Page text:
Anthropocene is a powerful, englobing concept. It encapsulates the evolution of the Earth and its relation to human civilization. Texts on the anthropocene do not mention humanity’s potential for reversing the destruction of the planet, yet examples exist. Lake Geneva, the biggest lake in Europe at 73 kilometers long, is much cleaner than it was fifty years ago – people swim in downtown Geneva. There is more wildlife in that region, too. In Northern Italy’s Alps, hikers get to see a surprising quantity of fauna. The mountain goat (ibex) and the wolf are back. The greening of China’s Loess Plateau, described by documentary producer John D. Liu – in particular in Green Gold – is another spectacular example of regenerative measures covering a huge area. In an important book, The Optimistic Environmentalist, Canadian author David R. Boyd gives numerous examples of successful animal recovery, including the humpback whale, the gray whale, the bald eagle, and the peregrine falcon. The success of the Montreal Protocol to protect the ozone layer also comes to mind. Humanity has successful reversal examples to refer to.

While the destruction of the Earth is undeniably occurring at a scary pace, our ability to reverse trends, for example by rebuilding soil health on two billion hectares of lost agriculture lands, is real. Two billion hectares is more land than we currently cultivate. Numerous carbon sequestration measures are not out of reach: no-till agriculture in combination with cover crops, the reintroduction of livestock with holistic grazing management, biochar, [remineralization – ed.], the use of compost or mulch, mixing trees and crops, ramial chipped wood, and others. If new knowledge and science are applied, a massive reduction of greenhouse gases in the atmosphere and oceans can occur. The return of fauna in some regions, restoration of some lakes, and some recycling measures are showing the way.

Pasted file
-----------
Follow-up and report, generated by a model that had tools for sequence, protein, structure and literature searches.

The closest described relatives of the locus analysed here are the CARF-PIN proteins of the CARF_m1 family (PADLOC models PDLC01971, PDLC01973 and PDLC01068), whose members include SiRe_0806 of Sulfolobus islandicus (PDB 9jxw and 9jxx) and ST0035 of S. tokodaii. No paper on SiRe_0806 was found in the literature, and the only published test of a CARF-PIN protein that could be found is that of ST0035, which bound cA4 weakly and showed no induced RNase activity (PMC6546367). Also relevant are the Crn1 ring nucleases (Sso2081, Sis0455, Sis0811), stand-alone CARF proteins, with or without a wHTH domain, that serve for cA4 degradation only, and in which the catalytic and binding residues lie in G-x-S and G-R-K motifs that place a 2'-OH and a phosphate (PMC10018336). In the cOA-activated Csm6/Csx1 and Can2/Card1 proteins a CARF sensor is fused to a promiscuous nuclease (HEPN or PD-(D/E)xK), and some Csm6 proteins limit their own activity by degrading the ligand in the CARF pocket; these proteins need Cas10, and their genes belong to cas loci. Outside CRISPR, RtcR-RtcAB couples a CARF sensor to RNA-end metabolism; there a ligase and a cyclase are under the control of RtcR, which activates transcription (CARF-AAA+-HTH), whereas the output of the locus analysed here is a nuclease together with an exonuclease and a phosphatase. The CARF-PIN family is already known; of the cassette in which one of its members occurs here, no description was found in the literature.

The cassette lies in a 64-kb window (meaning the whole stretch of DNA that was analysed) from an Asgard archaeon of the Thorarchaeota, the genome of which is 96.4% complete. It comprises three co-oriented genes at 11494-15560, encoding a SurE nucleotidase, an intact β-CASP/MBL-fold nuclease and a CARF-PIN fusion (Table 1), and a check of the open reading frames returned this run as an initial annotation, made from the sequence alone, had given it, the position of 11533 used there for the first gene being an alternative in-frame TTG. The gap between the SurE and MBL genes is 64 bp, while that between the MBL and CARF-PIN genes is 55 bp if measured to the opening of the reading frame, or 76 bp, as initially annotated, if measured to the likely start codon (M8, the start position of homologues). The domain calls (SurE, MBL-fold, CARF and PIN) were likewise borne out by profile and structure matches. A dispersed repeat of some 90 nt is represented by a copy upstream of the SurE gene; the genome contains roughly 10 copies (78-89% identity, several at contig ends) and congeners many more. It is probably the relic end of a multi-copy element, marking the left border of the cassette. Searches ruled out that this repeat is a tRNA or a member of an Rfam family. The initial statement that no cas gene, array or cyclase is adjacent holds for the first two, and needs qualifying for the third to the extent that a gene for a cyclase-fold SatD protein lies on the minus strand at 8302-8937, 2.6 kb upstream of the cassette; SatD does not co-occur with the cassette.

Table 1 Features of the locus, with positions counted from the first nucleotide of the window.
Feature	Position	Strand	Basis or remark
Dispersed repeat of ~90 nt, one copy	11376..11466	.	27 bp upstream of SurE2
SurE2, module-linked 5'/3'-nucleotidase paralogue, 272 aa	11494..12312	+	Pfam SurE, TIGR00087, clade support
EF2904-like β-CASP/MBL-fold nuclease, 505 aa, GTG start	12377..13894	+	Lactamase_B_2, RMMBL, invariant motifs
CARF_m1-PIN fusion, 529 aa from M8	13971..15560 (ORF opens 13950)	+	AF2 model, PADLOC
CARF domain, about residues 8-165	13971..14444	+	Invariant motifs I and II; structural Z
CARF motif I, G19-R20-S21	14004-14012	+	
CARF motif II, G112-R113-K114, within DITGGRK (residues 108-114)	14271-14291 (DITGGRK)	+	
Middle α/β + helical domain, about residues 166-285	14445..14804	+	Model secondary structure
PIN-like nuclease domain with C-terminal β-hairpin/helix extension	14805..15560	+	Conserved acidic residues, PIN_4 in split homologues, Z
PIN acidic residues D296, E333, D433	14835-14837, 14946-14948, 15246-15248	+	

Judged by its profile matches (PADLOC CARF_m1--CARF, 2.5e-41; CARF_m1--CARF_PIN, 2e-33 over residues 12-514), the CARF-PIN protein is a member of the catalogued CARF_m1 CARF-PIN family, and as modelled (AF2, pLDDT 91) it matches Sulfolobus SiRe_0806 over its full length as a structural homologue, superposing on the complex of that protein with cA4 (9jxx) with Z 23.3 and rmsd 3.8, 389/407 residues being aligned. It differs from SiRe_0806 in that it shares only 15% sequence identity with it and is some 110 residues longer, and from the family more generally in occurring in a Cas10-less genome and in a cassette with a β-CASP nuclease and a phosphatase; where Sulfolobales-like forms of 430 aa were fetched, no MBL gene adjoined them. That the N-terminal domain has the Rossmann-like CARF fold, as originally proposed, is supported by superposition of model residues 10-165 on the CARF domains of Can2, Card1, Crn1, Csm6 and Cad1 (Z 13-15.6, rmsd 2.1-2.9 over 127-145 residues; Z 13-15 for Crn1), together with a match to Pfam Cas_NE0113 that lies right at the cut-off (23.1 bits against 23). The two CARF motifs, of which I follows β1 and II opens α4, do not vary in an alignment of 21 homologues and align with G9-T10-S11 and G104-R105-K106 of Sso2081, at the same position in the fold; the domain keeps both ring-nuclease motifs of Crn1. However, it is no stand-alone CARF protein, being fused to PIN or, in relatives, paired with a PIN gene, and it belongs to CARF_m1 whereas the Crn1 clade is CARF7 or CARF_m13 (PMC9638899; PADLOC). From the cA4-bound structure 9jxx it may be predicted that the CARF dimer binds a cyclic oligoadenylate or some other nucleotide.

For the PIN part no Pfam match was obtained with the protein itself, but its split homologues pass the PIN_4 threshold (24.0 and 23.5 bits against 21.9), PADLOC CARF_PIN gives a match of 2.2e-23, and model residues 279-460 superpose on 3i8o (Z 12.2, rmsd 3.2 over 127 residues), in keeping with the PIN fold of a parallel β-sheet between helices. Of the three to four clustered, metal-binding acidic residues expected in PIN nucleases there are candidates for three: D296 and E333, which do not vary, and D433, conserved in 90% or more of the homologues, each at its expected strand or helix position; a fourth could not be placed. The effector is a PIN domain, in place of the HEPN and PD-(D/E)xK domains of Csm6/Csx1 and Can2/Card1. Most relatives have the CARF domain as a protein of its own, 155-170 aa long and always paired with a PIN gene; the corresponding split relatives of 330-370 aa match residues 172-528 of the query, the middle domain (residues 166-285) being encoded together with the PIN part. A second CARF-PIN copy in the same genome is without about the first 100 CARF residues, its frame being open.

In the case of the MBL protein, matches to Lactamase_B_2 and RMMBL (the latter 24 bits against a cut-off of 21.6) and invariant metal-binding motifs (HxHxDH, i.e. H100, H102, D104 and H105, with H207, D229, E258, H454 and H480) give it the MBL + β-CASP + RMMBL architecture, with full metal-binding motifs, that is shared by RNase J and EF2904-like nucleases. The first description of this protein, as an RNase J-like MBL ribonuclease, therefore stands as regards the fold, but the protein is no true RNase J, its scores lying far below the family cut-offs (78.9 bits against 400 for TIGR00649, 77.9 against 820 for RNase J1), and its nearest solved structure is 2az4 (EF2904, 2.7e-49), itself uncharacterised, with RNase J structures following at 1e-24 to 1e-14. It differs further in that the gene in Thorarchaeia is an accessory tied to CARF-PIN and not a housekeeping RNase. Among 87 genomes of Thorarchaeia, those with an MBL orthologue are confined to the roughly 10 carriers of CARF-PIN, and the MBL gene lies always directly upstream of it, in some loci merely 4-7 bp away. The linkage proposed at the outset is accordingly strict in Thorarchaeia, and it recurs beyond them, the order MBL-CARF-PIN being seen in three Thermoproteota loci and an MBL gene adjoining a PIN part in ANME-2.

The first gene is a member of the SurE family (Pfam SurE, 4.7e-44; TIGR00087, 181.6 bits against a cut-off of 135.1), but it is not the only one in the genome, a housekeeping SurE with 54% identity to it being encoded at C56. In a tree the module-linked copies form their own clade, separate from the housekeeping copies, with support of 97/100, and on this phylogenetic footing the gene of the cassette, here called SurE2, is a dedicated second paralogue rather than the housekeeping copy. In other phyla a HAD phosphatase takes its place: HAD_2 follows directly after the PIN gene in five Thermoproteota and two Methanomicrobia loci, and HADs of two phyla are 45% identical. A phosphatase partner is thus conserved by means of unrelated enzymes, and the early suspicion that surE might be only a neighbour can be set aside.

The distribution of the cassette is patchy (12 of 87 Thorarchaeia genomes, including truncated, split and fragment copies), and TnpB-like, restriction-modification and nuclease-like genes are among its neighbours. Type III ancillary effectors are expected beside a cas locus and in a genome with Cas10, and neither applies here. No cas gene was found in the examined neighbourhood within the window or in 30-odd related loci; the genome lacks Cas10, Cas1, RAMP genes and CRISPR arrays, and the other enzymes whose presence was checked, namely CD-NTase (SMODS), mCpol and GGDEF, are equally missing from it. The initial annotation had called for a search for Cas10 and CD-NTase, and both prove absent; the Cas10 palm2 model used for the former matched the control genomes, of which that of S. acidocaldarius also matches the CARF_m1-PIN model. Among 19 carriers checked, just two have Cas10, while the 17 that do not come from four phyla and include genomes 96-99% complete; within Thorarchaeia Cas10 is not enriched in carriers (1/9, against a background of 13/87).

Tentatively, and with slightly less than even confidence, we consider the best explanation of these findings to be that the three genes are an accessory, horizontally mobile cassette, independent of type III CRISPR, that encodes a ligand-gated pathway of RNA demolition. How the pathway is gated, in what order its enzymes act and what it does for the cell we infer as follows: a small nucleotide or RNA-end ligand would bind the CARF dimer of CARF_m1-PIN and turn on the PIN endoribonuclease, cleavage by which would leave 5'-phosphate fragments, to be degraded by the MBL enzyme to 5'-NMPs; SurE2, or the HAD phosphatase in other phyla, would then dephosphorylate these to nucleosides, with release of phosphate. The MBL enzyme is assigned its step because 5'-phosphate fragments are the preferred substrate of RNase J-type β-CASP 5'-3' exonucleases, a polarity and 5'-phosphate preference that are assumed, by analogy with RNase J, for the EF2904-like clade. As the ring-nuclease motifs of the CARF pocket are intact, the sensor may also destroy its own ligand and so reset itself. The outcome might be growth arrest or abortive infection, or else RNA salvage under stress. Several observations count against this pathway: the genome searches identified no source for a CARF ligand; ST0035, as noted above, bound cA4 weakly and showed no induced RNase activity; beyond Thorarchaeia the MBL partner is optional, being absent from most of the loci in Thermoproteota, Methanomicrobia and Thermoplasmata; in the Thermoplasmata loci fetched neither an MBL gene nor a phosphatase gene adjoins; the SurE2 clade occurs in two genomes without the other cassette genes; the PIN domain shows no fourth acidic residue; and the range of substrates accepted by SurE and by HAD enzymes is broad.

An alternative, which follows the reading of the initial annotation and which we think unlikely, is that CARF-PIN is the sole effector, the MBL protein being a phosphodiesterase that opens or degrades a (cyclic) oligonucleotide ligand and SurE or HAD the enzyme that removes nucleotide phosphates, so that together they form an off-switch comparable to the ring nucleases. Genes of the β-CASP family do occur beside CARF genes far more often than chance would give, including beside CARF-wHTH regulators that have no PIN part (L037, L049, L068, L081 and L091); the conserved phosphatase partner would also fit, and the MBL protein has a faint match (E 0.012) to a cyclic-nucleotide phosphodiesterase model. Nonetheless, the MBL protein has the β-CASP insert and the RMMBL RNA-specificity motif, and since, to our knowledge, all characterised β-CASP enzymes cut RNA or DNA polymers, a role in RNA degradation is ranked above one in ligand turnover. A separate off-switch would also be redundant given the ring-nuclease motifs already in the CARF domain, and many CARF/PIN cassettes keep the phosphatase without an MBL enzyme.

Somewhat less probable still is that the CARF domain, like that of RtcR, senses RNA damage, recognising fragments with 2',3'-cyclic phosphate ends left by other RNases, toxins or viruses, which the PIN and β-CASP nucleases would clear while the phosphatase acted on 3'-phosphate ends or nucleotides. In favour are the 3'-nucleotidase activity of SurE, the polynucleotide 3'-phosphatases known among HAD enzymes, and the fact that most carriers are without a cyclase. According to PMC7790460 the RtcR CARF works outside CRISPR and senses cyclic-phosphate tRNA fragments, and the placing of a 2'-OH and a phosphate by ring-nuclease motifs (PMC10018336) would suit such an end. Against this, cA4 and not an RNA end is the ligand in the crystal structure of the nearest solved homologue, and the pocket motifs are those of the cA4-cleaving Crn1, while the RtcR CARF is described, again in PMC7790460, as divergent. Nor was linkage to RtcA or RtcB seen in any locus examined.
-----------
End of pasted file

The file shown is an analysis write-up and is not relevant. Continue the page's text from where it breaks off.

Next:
Yet, what if the anthropocene was to have two historical phases: one that started with the great acceleration of consumption and destruction after the Second World War, and one with practices and publications, pointing to examples of geotherapy, agroecology, permaculture, biomimicry and other agro-silvo-grazing techniques? Anthropocene Phase 2 certainly includes the FAO March 2017 conference The Global Symposium on Soil Organic Carbon Unlocking the Potential of Mitigating and Adapting to a Changing Climate, a first for the UN. It also includes the rise of alternative, independent, science-based information groups such as soil-age, soil4climate, Sols Vivants Québec, Regeneration International, The Carbon Underground, Project Drawdown, and others [including Remineralize the Earth – ed.]. David Montgomery’s trilogy of books, Dirt: the Erosion of Civilisations; The Hidden Half of Nature – The Microbial Roots of Life and Health; and, Growing a revolution – Bringing our Soils Back to Life; are part of this movement, as are two other important books co-edited and co-authored by Dr. Thomas Goreau Geotherapy: Innovative Methods of Soil Fertility Restoration, Carbon Sequestration, and Reversing CO2 Increase; and, Innovative Methods of Marine Ecosystem Restoration.

The Anthropocene might end up as a very different concept. Limiting its definition to a geological one weakens its immense power. It does not value the fact that humanity, for the first time at such a very large scale, is conscious of the implications of its actions. Humanity is now conscious of being a biogeochemical force. This is a consciousness of incredible precision, with satellites that can measure everything from sea levels to the thickness of a hair. NASA’s data can be followed in real time. Mycorrhizal, glomalin, bacteria, microbial life in soils: humanity masters new soils’ biological elements, with immense implications. Humanity does not yet measure the power of soil biology: conditions are now ripe for a geotherapy movement.